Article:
In response to this the LINk has requested the following:

An audit is being carried out of patients who present to GPs with musculoskeletal pain. The LINk understands that the range of conditions under the umbrella of chronic pain is wider than just musculoskeletal conditions and therefore should the audit be widened?

A locum GP, is carrying out this audit, can you please inform the LINk what experience this GP has in the field of pain management?

You mention a questionnaire being rolled out in December, can the LINk have site of this questionnaire and if appropriate comment on this or make any suggestions as to its content?

You mentioned the PCT PPI team involving various agencies, may we suggest the following to be included in this process: LINk Governance Group, LINk user reference groups, LINk individual membership and HealthNet.

The LINk still feels it has not had the full terms of reference given to Dr Taylor can the LINk have access to this?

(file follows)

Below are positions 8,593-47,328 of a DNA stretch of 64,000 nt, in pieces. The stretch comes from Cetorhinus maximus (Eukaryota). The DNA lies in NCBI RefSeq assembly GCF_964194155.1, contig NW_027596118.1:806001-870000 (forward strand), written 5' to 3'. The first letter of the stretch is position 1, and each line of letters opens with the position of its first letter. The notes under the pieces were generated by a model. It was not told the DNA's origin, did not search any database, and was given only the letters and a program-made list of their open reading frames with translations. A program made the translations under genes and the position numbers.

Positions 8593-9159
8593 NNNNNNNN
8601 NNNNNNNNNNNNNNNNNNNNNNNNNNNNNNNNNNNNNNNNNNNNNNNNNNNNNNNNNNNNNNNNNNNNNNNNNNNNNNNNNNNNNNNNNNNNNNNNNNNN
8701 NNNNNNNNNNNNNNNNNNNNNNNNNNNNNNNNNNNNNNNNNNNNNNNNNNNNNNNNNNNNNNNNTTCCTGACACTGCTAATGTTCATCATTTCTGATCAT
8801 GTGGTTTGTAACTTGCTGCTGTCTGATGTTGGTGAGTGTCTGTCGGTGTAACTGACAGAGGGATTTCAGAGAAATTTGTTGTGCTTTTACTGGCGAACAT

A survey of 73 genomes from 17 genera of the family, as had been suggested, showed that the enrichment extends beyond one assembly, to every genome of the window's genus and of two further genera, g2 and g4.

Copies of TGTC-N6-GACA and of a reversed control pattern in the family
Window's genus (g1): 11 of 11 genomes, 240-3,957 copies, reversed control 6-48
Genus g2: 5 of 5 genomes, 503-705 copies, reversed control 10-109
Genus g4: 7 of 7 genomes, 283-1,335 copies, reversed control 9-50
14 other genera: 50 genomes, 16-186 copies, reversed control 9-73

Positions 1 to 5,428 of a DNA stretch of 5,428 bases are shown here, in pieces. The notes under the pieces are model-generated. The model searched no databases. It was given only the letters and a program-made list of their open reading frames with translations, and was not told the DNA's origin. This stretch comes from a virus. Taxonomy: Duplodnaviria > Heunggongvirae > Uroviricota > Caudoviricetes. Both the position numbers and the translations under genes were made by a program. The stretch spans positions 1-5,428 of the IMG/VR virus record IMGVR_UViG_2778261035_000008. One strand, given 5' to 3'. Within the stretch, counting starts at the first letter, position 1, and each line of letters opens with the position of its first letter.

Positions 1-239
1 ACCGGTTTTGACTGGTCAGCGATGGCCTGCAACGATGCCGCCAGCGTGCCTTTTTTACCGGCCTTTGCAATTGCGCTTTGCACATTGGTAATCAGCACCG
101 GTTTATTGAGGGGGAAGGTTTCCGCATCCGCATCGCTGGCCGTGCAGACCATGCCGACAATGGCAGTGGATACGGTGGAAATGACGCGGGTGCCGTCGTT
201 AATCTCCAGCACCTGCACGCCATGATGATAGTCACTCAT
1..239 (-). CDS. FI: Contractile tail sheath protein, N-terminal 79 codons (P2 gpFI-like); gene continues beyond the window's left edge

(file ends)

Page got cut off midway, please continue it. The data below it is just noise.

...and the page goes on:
Once the audit is completed can any recommendations before they are implemented be discussed at the following forums; LINk Governance Group, LINk membership forum, The Children and Young People and Healthy Lives Select Committee, HealthNet and the PCT Local Engagement Board meeting?

The LINk have been informed the current contact with City Hospitals Sunderland is for 50 new patient referrals per year and they are delivering 83 patient referrals, as for reviews they are contracted to see 60 patients and have seen 70 patients.

Can you please inform the LINk how many patients in the 3 years before the clinician providing the service retired in April 2008 did the chronic pain management service based in South Tyneside see as

1. new patients

2. patient reviews